The New and Improved Nutrition Facts Label

By: Jamie Hooker


We’ve all been there, standing in the middle of the aisle at the grocery store trying to decipher the Nutrition Facts label on each thing we pull from the shelf.  How many calories are in one serving? How many calories are in an actual normal person serving? I don’t know about you, but I feel like Nutrition Facts labels are a bit tricky and questionable.

The U.S. Food and Drug Administration (FDA) updated the Nutrition Facts label requirements for most packaged foods sold in the U.S. These new labels will work to make consumer’s lives easier and give a more realistic perspective on how much sugar is being added to their products. These are a few things the new labels will include:

  • An updated design to highlight “calories” and “servings”
  • Requirements for serving sizes that more closely reflect the amounts of food that people currently eat (normal person serving sizes, like I mentioned before)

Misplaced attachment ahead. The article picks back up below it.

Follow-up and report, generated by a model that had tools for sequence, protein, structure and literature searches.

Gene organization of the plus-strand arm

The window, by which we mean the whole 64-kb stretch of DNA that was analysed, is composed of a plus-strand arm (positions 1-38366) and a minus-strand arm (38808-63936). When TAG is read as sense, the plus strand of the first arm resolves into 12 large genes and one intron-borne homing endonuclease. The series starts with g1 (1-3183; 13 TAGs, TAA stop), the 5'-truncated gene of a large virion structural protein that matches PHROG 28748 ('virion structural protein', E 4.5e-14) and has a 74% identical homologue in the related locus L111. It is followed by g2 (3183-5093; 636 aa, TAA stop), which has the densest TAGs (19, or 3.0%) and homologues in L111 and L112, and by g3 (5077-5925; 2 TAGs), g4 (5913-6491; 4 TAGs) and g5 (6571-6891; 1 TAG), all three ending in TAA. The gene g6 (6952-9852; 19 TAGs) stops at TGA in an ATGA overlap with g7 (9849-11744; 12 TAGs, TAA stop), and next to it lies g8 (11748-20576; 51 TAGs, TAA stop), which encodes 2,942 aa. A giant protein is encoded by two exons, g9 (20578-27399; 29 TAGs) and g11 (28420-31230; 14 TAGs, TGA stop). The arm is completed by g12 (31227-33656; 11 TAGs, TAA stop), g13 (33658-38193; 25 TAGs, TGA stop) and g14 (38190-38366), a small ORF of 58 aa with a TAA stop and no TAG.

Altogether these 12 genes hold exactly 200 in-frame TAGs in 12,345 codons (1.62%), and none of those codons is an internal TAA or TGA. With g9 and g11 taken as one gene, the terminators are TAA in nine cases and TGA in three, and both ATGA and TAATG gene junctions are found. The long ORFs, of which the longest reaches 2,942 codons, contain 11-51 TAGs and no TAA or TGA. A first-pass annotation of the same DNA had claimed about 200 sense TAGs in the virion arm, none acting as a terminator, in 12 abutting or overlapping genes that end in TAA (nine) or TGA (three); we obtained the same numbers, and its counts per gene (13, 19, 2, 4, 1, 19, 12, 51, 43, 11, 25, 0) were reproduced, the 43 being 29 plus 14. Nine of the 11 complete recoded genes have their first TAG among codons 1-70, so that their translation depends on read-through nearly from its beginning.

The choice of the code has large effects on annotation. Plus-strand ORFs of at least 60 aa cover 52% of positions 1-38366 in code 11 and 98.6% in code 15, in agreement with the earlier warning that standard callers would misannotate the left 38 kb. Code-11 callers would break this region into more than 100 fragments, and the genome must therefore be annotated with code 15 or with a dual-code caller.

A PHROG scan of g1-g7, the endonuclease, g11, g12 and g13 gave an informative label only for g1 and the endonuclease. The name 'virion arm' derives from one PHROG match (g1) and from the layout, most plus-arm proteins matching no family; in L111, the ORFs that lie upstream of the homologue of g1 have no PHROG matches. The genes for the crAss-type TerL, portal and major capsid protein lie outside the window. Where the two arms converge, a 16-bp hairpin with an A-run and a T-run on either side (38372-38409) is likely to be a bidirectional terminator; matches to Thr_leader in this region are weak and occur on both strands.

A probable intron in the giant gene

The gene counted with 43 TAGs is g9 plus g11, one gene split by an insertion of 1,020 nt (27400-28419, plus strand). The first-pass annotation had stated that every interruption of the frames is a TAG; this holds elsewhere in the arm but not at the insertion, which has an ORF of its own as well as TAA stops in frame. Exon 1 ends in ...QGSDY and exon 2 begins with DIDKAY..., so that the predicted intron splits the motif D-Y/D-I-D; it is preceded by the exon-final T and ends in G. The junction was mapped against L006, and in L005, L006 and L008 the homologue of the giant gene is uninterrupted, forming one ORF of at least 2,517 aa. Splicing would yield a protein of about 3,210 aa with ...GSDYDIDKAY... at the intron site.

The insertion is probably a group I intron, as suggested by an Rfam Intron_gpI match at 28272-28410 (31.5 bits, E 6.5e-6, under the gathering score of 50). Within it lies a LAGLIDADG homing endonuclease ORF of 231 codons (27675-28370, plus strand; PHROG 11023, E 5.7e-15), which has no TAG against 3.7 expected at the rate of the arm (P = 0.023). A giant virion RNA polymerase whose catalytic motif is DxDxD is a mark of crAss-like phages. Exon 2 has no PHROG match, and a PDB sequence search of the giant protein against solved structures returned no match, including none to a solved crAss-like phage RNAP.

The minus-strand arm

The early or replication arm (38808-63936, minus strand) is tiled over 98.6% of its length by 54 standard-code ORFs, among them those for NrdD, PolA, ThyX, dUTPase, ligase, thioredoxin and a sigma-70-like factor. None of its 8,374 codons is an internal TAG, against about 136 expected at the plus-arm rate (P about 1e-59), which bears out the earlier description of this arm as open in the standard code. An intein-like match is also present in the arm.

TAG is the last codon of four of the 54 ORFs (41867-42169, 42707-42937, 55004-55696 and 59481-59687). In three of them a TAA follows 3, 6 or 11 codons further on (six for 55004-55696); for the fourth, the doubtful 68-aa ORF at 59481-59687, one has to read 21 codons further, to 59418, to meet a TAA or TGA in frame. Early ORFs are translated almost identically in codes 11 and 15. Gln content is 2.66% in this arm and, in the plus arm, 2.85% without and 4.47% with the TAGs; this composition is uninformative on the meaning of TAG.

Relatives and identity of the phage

• Declaration of grams and a percent daily value (%DV) for “added sugars” to help consumers know how much sugar has been added
  • “Dual column” labels to indicate both “per serving” and “per package” calorie and nutrition information for multi-serving food products that could be consumed in one sitting (like an entire box of Kraft Macaroni and Cheese…)
  • For packages that are between one and two servings, such as a 20 ounce soda, the calories and other nutrients will be required to be labeled as one serving because people typically consume it in one sitting (you’re lying if you say you save the rest for later)
  • ·      “Calories from Fat” will be removed because research shows the type of fat is more important than the amount. “Total Fat”, “Saturated Fat,” and “Trans Fat” will still be required.


The new labels will be required for most food manufacturers by July 26, 2018, but manufacturers with less than $10 million in annual food sales will have an additional year to comply.  For more information about the new fo